WASHINGTON, Jan. 9, 2012 — Next month will mark a major milestone in advancing care for wounded warriors suffering debilitating eye injuries with a ribbon-cutting at the Walter Reed National Military Medical Center in Bethesda, Md.
|Army Pfc. Douglas K. Phillips a member of the 3rd Infantry Division’s Company A, 1st Battalion, 15th Infantry Regiment, deployed to Durai-ya, Iraq, in May 2007, shows the damage to his face and his eye protection from a small-arms attack. Phillips credits eye protection with saving his eye. The Department of Defense and Department of Veterans Affairs Vision Center of Excellence is exploring other ways to prevent battlefield eye injuries and to better treat those who suffer them. U.S. Army photo by Sgt. Natalie Loucks |
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The Department of Defense/Department of Veterans Affairs Vision Center of Excellence will officially open its new headquarters at the Walter Reed facility, providing an expanded physical presence for a growing collaboration between the two agencies.
The goal, explained Army Dr. (Col.) Donald Gagliano, its executive director, is to promote research and initiatives to prevent eye injuries and better diagnose and treat those suffering from them.
Although often overlooked, eye injuries are one of the signature wounds of the wars over the last decade, Gagliano noted.
Just how prevalent these injuries are isn’t clear, he said, although officials estimate that 13 to 22 percent of all casualties between 2002 and 2010 have suffered eye injuries or trauma.
These injuries often go underreported on the battlefield, particularly when caused by explosions that inflict other, highly visible and frequently life-threatening wounds. Gagliano estimated that eye-injury rates soared as high as 29 percent among casualties before the military began mandating the use of ballistic glasses for deployed troops.
“The reality is it is very difficult for us to know exactly what the prevalence of eye injury is, because it is often intertwined with other polytrauma,” Gagliano said.
What is known is that the same flying fragments and high-energy waves that tear into body tissue and inflict traumatic brain injuries also take a severe toll on the eyes. Service members are suffering eye injuries unlike those in civilian trauma cases, and more severe than those from past conflicts, Gagliano said.
So one of the first goals of the Vision Center of Excellence, stood up under the 2008 National Defense Authorization Act, is to establish a registry to determine the prevalence of eye injuries and track wounded warriors’ care and rehabilitation through both the DOD and VA systems.
This, Gagliano said, will provide an important starting point for advancing eye protection and care throughout the force.
The law that established the center formalized a partnership already being forged between DOD and VA to provide better care for wounded warriors. Even its makeup — Gagliano and half of the staff are from DOD, and his deputy, Dr. Mary Lawrence, and the other half of the staff from VA — promotes collaboration as they pool expertise and resources, he said.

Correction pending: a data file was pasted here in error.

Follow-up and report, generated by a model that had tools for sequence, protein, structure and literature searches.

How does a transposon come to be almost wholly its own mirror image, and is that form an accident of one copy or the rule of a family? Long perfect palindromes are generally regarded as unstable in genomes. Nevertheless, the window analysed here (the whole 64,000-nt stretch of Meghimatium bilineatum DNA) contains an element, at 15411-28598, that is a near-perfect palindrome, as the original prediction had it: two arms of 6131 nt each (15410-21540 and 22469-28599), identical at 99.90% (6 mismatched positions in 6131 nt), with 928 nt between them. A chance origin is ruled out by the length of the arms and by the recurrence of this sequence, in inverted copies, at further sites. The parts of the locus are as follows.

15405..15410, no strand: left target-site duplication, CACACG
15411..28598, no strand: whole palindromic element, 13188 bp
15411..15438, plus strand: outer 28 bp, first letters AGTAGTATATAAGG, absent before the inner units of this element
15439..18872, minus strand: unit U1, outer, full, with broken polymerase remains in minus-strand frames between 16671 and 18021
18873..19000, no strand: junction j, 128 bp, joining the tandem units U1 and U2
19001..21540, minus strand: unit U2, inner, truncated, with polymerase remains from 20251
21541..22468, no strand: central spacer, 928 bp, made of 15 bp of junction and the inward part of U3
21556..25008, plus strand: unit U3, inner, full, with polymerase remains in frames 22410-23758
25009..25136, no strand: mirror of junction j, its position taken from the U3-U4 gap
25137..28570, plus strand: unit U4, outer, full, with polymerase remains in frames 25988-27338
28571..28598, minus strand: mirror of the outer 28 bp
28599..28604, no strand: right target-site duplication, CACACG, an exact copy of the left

“It is very unique in structure, and that is what allows us to function across both systems as effectively as we have,” Gagliano said. “It helps us bring together the entire vision-care team of both the Defense Department and the VA to function effectively as an integrated team.”
In standing up the center, its founders opted to maximize rather than replace existing resources. “Early on, we elected to be a center that would work with and through the existing system rather than being a single place,” Gagliano explained.
As a result, the center has operated with facilities and office space in Washington as well as at Madigan Army Medical Center near Seattle.
The opening of the new headquarters next month will provide an official home to the center, but Gagliano said it will continue to draw on existing capabilities throughout DOD and VA, including VA’s network of 13 blind rehabilitation centers.
To ensure these entities operate as effectively as possible, eye surgeons and eye-care providers from both agencies come together each month for a worldwide ocular trauma videoconference, Lawrence said. Participants — at forward operating hospitals in Afghanistan, at Landstuhl Regional Medical Center in Germany, at military treatment facilities stateside and at VA polytrauma centers — come together to share experience and explore ways to improve the care they provide, she explained.
“This is an amazing worldwide group of providers,” she said. Based on their inputs, she added, “a lot of interesting process improvements ideas have surfaced that can be put into good use immediately.”
Another priority for the Vision Center of Excellence is expanding the research base about eye trauma, Gagliano said. That’s critical to improving care, he explained, because civilian institutions, including the National Eye Institute, have limited research about the types of eye injuries being seen in the combat theater.
Gagliano expressed hope that the center’s collaboration with colleges, universities and research bodies worldwide ultimately will improve the research, prevention, diagnosis, treatment and rehabilitation of military eye injuries.
At the Vision Center of Excellence, “we are leading the nation in trying in trying to determine the best ways to address these issues,” he said.
U.S. Department of Defense
Office of the Assistant Secretary of Defense (Public Affairs)
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